Unregistered Securities Offerings

Types Of SEC Whistleblower Cases:  Unregistered Securities Offerings

SEC Charges Chinese Traders With Unregistered Securities Offerings

The U.S. Securities and Exchange Commission (“SEC”) brought fraud charges in court against two Chinese citizens for making unregistered securities offerings in the United States. The Commission also alleged that the securities in question were falsely or misleadingly promoted by three stock promotion websites, in violation of U.S. securities laws.
unregistered securities offerings

The SEC’s court Complaint

Fraudulent Sale of Stock Through Unregistered Securities Offerings

In its court Complaint, the SEC accused Wensheng Lin and Sheng Li Chen of violating U.S. securities laws regulating the offering and sale of unregistered securities. Per the complaint, Lin and Chen were Chinese traders who purchased shares of Immage Biotherapeutics Corp. (“IMMG”), a purported cancer research biotechnology company.  They supposedly purchased unregistered shares for $0.0037/share and then sold the shares for up to $1.47/share, netting a profit of approximately $1.8 million. The SEC stated that no registration statement was in effect covering the sale of the securities by Lin or Chen, no one had filed for registration, and no exemption existed or was available for the sale of the securities without registration.  The stock sales therefore constituted unregistered securities offerings.

False Statements And Disclosures

The SEC also asserted that it had evidence proving that Lin and Chen lied about the sources and circumstances pertaining to their acquisition of the shares of stock that they subsequently offered and sold. Lin and Chen claimed to have acquired the securities from individual shareholders situated in South Africa.  The SEC alleged that the defendants did not, and could not, have purchased their IMMG shares from the South Africans, because the South Africans never owned those shares. Rather, according to the SEC, Lin and Chen actually purchased restricted shares directly from the issuer (IMMG).  They then illegally offered and sold these unregistered shares through the over-the counter inter-dealer market in the United States.

Internet Pump-and-Dump

The SEC further alleged that the majority of Lin and Chen’s stock sales occurred during a period when three stock promotion companies were conducting a promotional e-mail campaign touting IMMG.  According to the Complaint, Lin and Chen achieved the majority of their profits as a result of false and misleading statements made through the three penny stock promotional websites.  [For more information regarding Public Statement Fraud (false statements or material omissions in advertising materials) click here.] For example, the Complaint claims that following a press release by IMMG pertaining to a supposedly positive test on laboratory mice, the three stock promotion websites sent at least 16 e-mails to their subscribers touting IMMG.  Two of those promotional e-mails claimed that IMMG “may be on the cusp of getting FDA approval for its cancer therapies”. Another promotional e-mail allegedly claimed that “IMMG seems to be on the verge on [sic] curing cancer according to its latest press release.” The Complaint states that IMMG had not filed any FDA applications and was purportedly targeting 2018 for its initial stage 1 application. According to the SEC, the false promotional statements drove up demand for IMMG shares, and allowed Chen and Lin to sell their shares for substantial profits.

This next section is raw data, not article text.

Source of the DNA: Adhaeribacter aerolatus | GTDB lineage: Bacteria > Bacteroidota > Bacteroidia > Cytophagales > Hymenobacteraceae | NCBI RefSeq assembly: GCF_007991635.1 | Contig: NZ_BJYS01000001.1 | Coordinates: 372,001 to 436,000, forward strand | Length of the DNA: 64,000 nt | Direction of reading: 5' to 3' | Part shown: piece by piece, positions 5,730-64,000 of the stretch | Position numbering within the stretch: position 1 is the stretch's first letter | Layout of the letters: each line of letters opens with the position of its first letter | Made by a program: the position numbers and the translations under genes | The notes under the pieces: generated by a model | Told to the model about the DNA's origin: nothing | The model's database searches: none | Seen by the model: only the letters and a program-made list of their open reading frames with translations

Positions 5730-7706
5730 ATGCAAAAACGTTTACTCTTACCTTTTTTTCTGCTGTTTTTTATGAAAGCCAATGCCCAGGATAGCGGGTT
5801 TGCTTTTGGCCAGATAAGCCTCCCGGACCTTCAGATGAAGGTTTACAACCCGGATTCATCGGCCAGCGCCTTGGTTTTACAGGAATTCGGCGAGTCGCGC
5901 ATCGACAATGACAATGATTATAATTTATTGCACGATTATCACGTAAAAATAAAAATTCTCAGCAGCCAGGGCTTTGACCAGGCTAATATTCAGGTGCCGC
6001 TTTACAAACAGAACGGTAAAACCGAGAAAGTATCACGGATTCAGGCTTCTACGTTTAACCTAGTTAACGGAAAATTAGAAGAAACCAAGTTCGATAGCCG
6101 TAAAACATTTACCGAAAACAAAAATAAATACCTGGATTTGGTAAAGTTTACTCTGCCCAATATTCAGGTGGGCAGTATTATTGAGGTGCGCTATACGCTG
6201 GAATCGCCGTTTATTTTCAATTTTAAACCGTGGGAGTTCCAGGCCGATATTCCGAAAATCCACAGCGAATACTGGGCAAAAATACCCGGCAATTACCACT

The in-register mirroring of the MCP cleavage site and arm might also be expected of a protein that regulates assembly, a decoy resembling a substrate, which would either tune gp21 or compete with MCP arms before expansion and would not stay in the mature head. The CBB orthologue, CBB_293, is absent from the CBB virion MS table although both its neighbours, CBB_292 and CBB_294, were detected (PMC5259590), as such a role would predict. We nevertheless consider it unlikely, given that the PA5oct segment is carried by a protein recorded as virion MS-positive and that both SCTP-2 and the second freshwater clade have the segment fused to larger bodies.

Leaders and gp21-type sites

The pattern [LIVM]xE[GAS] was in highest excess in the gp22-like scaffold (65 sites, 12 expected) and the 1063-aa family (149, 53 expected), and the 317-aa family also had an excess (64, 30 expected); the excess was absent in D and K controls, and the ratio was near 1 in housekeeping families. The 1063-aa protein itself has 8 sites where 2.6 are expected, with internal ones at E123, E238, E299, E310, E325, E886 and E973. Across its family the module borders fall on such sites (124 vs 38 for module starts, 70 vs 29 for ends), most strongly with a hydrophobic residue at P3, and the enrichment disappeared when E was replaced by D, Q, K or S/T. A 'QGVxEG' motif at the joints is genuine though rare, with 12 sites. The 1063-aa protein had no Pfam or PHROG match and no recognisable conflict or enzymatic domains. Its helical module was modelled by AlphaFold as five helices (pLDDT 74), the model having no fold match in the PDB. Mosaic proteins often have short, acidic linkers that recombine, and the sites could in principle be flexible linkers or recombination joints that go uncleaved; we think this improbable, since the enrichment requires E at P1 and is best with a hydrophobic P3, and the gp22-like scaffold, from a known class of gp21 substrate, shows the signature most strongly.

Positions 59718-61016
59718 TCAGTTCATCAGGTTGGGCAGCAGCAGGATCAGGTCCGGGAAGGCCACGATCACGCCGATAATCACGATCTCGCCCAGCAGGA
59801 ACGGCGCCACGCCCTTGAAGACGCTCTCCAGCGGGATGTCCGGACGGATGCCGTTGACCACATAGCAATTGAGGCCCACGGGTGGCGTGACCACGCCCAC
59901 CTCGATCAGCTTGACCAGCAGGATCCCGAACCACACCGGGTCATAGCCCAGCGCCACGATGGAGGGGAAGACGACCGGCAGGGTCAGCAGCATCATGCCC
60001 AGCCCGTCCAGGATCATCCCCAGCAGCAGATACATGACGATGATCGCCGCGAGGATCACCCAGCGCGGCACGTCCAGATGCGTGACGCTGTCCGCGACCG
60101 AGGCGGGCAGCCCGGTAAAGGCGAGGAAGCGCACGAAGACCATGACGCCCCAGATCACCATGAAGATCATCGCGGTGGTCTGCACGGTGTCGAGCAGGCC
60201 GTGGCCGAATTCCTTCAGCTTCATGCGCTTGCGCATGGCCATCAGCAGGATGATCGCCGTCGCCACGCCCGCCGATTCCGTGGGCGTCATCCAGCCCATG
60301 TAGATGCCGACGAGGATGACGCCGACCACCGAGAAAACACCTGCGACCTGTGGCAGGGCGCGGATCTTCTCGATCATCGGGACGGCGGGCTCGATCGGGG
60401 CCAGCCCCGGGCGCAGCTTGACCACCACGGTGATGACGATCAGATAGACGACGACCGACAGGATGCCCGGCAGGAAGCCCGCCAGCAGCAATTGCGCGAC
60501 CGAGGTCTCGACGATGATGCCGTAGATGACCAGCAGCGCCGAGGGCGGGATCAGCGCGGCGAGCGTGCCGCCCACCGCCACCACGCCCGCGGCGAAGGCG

unregistered securities offerings

The SEC’s press release

Trading and Asset Freeze

“[B]ecause of concerns regarding the accuracy and adequacy of information in the market place and potentially manipulative transactions in IMMG’s common stock”, the SEC temporarily suspended trading in IMMG’s stock. However, the defendants were allegedly able to transfer hundreds of thousands of dollars of their illicit profits out of the U.S. to a bank in Hong Kong. In its Complaint, the SEC sought injunctions preventing the defendants from selling unregistered stock, participating in any offering of penny stock, disgorgement of profits including prejudgment interest, and civil penalties. Apparently, at the same time, the SEC also sought an emergency order from the court freezing the defendants’ remaining brokerage account assets in the U.S., including millions of shares of IMMG stock and approximately $1.2 million in cash, to prevent the defendants from transferring more of their allegedly illegal profits out of the country.

Whistleblowers Can Report Unregistered Securities Offerings To The SEC

This case illustrates some types of misconduct that could give rise to SEC whistleblower cases if reported to the Commission through the SEC whistleblower program. However, SEC has not made any public statement as to whether this case was itself an actual SEC whistleblower case.  The SEC Office of the Whistleblower posts Notices of Covered Action (“NoCA”) for Commission actions where a final judgment or order results in monetary sanctions exceeding $1 million.  The NoCA list does not disclose if a particular Enforcement action was brought as the result of an SEC whistleblower case, tip, complaint, or referral being filed with the Commission.

Additional Information

For more information about unregistered securities offerings, click on the links below:
  • The SEC’s Press Release announcing the case.  (External link to the SEC’s website.)
  • The SEC’s Complaint in SEC v. Lin and Chen.  (External link to the SEC’s website.)

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